Cool Case: Bruno

A image00070Bruno is a one-year-old, male, intact German Shepherd. He was seen by his primary care veterinarian for hind limb lameness. On physical examination, the veterinarian heard an irregular heartbeat and referred Bruno to NorthStar VETS. He was seen in September and diagnosed with lone atrial fibrillation. Atrial fibrillation typically causes an irregular and rapid heart rhythm due to chaotic electrical signals in the upper chambers of the heart (the atria). In small animal patients, atrial fibrillation usually develops due to significant underlying heart disease. Lone atrial fibrillation, on the other hand, refers to atrial fibrillation with a relatively normal heart rate and no underlying heart disease. Lone atrial fibrillation is most commonly seen in large and giant breed dogs (as well as horses) because a relatively large heart size is required to initiate and sustain this type of heart rhythm.

A image00004Bruno was not symptomatic for atrial fibrillation at the time of presentation. He was active, energetic, and seemed totally normal to his family. However, the long-term consequences of atrial fibrillation remain unknown. Atrial fibrillation, which causes loss of coordinated contraction between the upper (atria) and lower (ventricles) chambers of the heart, leads to sub-optimal cardiac performance and could negatively affect the heart’s structure and function over time.

The team at NorthStar VETS opted for electrical cardioversion of atrial fibrillation. Delivery of an electrical current to the entire heart via patches placed on either side of the chest helps to break the irregular heart rhythm and allows the heart’s own pacemaker (the sinus node) to resume control of the heart rate and rhythm. Dr. Alexandra Crooks of the Cardiology team worked closely with Dr. Urshulaa Dholakia of the Anesthesia service to come up with an anesthetic protocol. Dr. Steven Berkowitz of the Critical Care team gathered all of the supplies and medications they might need in the event of a complication (mostly worsening arrhythmias immediately after the shock). In the end, a single shock of 50 joules was enough to successfully convert him from atrial fibrillation to sinus rhythm. Bruno recovered well from the procedure and went home later the same day.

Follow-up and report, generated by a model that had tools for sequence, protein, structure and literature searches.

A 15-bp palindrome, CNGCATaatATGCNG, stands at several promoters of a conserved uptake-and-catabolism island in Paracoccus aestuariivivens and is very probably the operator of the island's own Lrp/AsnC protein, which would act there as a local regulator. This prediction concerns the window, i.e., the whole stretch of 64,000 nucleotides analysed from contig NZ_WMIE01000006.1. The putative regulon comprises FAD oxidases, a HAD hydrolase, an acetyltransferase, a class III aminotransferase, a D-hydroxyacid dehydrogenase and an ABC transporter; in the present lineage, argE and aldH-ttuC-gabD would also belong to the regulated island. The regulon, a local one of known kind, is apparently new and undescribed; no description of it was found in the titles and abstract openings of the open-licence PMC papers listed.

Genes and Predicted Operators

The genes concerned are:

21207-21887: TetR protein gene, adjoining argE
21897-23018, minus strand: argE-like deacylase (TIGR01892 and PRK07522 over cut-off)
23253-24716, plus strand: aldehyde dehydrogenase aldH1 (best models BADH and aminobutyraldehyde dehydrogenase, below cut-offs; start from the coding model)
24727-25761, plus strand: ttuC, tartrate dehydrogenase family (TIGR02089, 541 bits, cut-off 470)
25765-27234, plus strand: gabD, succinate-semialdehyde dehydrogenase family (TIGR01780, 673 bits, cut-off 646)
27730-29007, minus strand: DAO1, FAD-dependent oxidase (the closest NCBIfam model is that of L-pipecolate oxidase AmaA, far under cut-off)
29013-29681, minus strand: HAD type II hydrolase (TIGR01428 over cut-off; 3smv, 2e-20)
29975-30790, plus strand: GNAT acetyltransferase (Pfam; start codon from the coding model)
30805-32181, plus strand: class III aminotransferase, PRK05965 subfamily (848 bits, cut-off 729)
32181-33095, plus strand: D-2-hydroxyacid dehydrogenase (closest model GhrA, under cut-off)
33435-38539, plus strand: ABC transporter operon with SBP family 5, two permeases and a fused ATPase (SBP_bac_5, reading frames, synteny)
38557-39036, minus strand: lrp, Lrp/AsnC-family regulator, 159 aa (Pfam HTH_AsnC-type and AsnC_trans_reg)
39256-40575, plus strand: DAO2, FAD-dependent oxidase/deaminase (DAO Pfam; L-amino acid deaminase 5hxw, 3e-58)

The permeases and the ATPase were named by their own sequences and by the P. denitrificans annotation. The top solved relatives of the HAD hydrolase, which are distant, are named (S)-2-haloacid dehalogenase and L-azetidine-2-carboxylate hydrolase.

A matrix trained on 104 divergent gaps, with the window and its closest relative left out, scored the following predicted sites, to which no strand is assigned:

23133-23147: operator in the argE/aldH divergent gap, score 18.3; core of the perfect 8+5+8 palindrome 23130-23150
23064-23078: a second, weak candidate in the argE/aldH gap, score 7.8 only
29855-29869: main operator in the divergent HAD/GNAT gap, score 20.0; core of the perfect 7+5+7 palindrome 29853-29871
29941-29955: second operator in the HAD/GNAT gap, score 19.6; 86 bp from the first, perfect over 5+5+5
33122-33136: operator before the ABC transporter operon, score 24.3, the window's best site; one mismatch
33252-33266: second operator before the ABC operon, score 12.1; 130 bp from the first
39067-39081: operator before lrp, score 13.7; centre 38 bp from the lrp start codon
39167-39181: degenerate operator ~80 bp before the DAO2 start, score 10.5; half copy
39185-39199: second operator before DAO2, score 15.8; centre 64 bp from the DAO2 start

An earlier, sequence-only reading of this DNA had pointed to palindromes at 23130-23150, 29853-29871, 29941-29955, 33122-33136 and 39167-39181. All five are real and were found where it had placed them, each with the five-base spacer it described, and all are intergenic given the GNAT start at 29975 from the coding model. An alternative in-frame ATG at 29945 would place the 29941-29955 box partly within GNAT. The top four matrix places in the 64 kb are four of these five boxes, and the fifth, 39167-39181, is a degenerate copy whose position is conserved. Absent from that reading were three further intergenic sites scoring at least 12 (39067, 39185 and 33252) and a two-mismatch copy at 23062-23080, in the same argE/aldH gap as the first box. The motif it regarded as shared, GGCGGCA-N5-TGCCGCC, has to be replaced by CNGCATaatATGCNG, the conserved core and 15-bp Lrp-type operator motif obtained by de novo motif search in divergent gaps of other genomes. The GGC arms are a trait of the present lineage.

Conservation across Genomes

A image00035Bruno will continue to be monitored to make sure he stays in sinus rhythm for as long as possible. He may be at risk of going back into atrial fibrillation at some point in the future. He is on an anti-arrhythmic medication called amiodarone, which should delay and/or minimize that risk as much as possible. He will be back in two months to reassess his heart rhythm using echocardiogram (ECG).

Learn more about the Cardiology service at NorthStar VETS.

Alexandra Crooks, VMD (Practice Limited to Cardiology)
Dr. Alexandra Crooks was born and raised in Philadelphia, Pennsylvania. She completed her undergraduate studies at the University of Pennsylvania in 2012. She graduated from the University of Pennsylvania School of Veterinary Medicine in 2016. She stayed at the Matthew J. Ryan Veterinary Hospital of the University of Pennsylvania for a one-year rotating internship in small animal medicine and surgery and a three-year residency in cardiology, which she completed in July 2020. Although she enjoys all aspects of veterinary cardiology, she has a special interest in cardiovascular imaging and pathology, management of heart failure, and diagnosis and treatment of arrhythmias.

Urshulaa Dholakia, DVM, MPH, DACLAM, DACVAA
Urshulaa Dholakia, DVM, MPH, DACLAM (Practice Limited to Anesthesia)Dr. Dholakia attended St. George’s University School of Veterinary Medicine, and following graduation completed a rotating small animal internship. She went on to a residency program in Laboratory Animal Medicine at Columbia University in New York City in 2008, and continued working as a laboratory animal vet for several years. She went on to pursue a further specialization in large and small animal anesthesiology first through an internship at the University of Illinois College of Veterinary Medicine, and subsequent residency at the University of Tennessee College of Veterinary Medicine, in Knoxville, TN.

Steven Berkowitz, DVM, DACVECCSteven Berkowitz, DVM, DACVECC
Dr. Steven Berkowitz attended St. Georges University and did his clinical year at the University of Illinois. Berkowitz joined NorthStar VETS after serving as the Chief of Emergency and Critical Care at another specialty hospital. Prior to that, he completed a three-year residency in Emergency and Critical Care medicine at the Oradell Animal Hospital in Paramus, NJ. His residency was completed at one of only a few recognized veterinary trauma centers in the United States. Prior to his residency, he was a staff Emergency Veterinarian at Animal Specialty Center in Yonkers, NY as well as serving as an emergency doctor at Animal Emergency and Referral Associates in Fairfield, NJ for 3 years. Dr. Berkowitz can be seen on seasons 5 and 6 of “Animal Precinct” on Animal Planet, which was filmed during his internship at The Bergh Memorial Animal Hospital of the ASPCA in New York City.

Dr. Berkowitz has special interest in the management of metabolic and endocrine derangements, trauma, as well as management of the septic patient.

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One Response to Cool Case: Bruno

  1. Strong work! Does lone atrial fibrillation lead to thrombus formation as it does in humans?

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